ADDRESS OF THE HOLY FATHER
1. I am pleased to welcome you on this solemn occasion and to receive the Letters of Credence by which you are appointed Ambassador Extraordinary and Plenipotentiary of the Republic of Mexico to the Holy See. I am most grateful for your kind words and for the deferential greeting you have brought from Mr Vicente Fox Quesada, President of the United Mexican States. I reciprocate with my best wishes for his prosperity and for the integral progress of all the citizens of this beloved nation.
2. Mexico has always been distinguished for its pure and rich spiritual, cultural and human values, as I have had the opportunity to experience during my four Apostolic Visits. Today, as you have clearly pointed out, it is experiencing a process of political growth, through a profound change in many aspects of social life, aspiring to overcome the structural causes of poverty and marginalization through an integral model of development that is based on social justice. Therefore it should encourage a culture that will strengthen the democratic and participatory institutions, founded on the recognition of human rights and the cultural and transcendent values of the Mexican people. In this respect I would like to recall that "a democracy without values easily turns into open or thinly disguised totalitarianism" (Centesimus annus, n. 46). This is the only way that Mexico will be better able to come to grips with the challenges of the new sociopolitical scene, both in its domestic development and in its relations with the international community.
3. I would like to encourage your country's political and social leaders to deal responsibly with the overall economic situation. On several occasions I have alluded to these situations which, on a global scale, present many problems and prevent so many countries from emerging from underdevelopment and achieving desirable levels of well-being. In the perspective of integral development, until now the globalized economy has above all benefited a few specific individuals and groups. On the other hand, new forms of poverty, marginalization and even the exclusion of large social groups have developed, especially among the farm workers and indigenous peoples. It is therefore essential to ensure that political and cultural institutions are truly at the service of the human being, without distinctions of race or class. The Church thus feels "called not only to promote greater integration between nations, thus helping to create an authentic globalized culture of solidarity, but also to cooperate with every legitimate means in reducing the negative effects of globalization" (Ecclesia in America, n. 55).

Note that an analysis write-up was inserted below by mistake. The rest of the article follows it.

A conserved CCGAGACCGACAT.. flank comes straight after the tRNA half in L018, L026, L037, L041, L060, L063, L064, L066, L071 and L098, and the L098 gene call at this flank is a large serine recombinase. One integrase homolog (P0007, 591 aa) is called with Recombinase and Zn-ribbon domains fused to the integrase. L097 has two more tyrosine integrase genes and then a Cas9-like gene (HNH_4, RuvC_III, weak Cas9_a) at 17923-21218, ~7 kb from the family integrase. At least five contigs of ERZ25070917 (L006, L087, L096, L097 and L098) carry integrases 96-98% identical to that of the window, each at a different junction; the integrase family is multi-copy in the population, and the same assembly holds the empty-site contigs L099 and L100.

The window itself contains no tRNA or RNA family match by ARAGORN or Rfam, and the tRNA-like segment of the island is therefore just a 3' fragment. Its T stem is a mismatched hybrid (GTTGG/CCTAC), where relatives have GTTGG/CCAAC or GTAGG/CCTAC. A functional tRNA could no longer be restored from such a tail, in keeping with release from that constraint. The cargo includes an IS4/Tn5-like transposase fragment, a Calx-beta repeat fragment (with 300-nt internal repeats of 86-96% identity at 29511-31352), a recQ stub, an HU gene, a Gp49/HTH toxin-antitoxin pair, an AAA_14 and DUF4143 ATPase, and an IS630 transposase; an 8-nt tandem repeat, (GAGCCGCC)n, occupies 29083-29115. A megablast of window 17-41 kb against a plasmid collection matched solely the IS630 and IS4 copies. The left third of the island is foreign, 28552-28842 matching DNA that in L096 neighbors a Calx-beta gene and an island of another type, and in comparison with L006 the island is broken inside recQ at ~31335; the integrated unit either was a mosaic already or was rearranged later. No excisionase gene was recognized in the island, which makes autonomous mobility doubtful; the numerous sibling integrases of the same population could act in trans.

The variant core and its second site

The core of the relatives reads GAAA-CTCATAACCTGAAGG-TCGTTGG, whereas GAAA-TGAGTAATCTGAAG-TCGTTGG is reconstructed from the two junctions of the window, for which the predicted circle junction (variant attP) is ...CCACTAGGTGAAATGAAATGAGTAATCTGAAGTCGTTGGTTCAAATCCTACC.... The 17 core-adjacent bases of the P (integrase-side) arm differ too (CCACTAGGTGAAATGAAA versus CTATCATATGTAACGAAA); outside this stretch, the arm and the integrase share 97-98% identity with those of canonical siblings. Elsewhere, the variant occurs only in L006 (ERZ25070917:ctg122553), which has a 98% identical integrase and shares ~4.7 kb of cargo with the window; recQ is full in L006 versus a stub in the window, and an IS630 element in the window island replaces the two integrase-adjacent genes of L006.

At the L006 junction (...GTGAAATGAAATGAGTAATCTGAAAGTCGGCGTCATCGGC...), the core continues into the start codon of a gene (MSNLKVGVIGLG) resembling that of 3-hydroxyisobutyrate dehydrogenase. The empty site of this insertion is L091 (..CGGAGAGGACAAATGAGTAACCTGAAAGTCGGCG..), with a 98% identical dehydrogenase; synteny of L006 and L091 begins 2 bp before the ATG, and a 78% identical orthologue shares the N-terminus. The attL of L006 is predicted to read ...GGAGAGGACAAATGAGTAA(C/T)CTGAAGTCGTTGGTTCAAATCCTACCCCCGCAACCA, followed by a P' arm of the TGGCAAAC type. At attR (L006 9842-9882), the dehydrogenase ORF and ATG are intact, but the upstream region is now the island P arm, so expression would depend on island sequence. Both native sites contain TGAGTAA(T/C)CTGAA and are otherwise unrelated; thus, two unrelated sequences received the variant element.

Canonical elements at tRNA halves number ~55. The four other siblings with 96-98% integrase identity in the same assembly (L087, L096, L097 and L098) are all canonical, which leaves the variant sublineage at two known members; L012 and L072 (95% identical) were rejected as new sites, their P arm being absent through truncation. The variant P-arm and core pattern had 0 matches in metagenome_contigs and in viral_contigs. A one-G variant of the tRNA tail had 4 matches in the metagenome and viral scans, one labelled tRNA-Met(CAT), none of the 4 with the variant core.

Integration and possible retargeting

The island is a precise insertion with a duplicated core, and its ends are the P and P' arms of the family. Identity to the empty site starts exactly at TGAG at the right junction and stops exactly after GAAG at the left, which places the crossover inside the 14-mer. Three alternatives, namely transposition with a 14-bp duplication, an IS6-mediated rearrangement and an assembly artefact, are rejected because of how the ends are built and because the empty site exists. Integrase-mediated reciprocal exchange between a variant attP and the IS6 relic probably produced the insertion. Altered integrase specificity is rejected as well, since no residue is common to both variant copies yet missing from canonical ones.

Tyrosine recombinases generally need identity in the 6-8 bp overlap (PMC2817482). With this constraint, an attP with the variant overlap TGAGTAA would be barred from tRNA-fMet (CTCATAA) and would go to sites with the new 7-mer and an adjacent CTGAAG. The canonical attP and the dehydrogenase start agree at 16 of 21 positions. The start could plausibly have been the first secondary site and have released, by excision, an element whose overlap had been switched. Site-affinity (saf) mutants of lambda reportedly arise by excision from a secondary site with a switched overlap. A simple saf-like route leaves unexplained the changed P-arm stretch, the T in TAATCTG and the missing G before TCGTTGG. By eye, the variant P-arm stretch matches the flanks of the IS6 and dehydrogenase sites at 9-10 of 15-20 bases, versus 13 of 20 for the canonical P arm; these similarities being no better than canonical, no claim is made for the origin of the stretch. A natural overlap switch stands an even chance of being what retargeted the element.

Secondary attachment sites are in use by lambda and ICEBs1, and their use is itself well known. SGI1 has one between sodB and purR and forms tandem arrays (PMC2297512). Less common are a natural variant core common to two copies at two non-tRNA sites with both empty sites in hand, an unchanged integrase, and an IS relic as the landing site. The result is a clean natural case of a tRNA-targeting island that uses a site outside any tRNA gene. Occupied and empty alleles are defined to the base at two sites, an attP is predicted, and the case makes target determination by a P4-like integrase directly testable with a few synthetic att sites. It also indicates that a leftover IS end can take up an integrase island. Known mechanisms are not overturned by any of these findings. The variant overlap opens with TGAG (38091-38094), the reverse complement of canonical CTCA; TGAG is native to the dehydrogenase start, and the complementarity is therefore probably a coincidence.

It is important that Mexican society become aware of this and, with a truly supportive attitude, be prepared to make the necessary sacrifices that must under no circumstances aggravate the conditions of poverty of the humblest classes. Consequently it is indispensable to improve, progressively, the living conditions of the neediest, in the attempt to guarantee the just means for everyone, also at the fiscal level.
4. Church-State relations in Mexico are marked by a gradual increase in mutual respect and cordiality: respect, so as not to interfere in what is proper to each institution, but which leads to mutual support and collaboration in order to achieve greater well-being for the national community. Thus it is possible, through constructive dialogue, to promote fundamental values for the organization and development of society. Therefore, now is the time for the whole historical truth of Mexico, from its origins, to shine far more brightly, overcoming prejudices and discredits, dualisms and revisionism.
To this effect, the Church, whose mission is spiritual and not political, encourages cordial relations with the State, thereby contributing to the harmony and progress of all, without distinction. It is therefore to be hoped that the Church in Mexico may enjoy greater freedom in the various areas where she carries out her pastoral and social mission.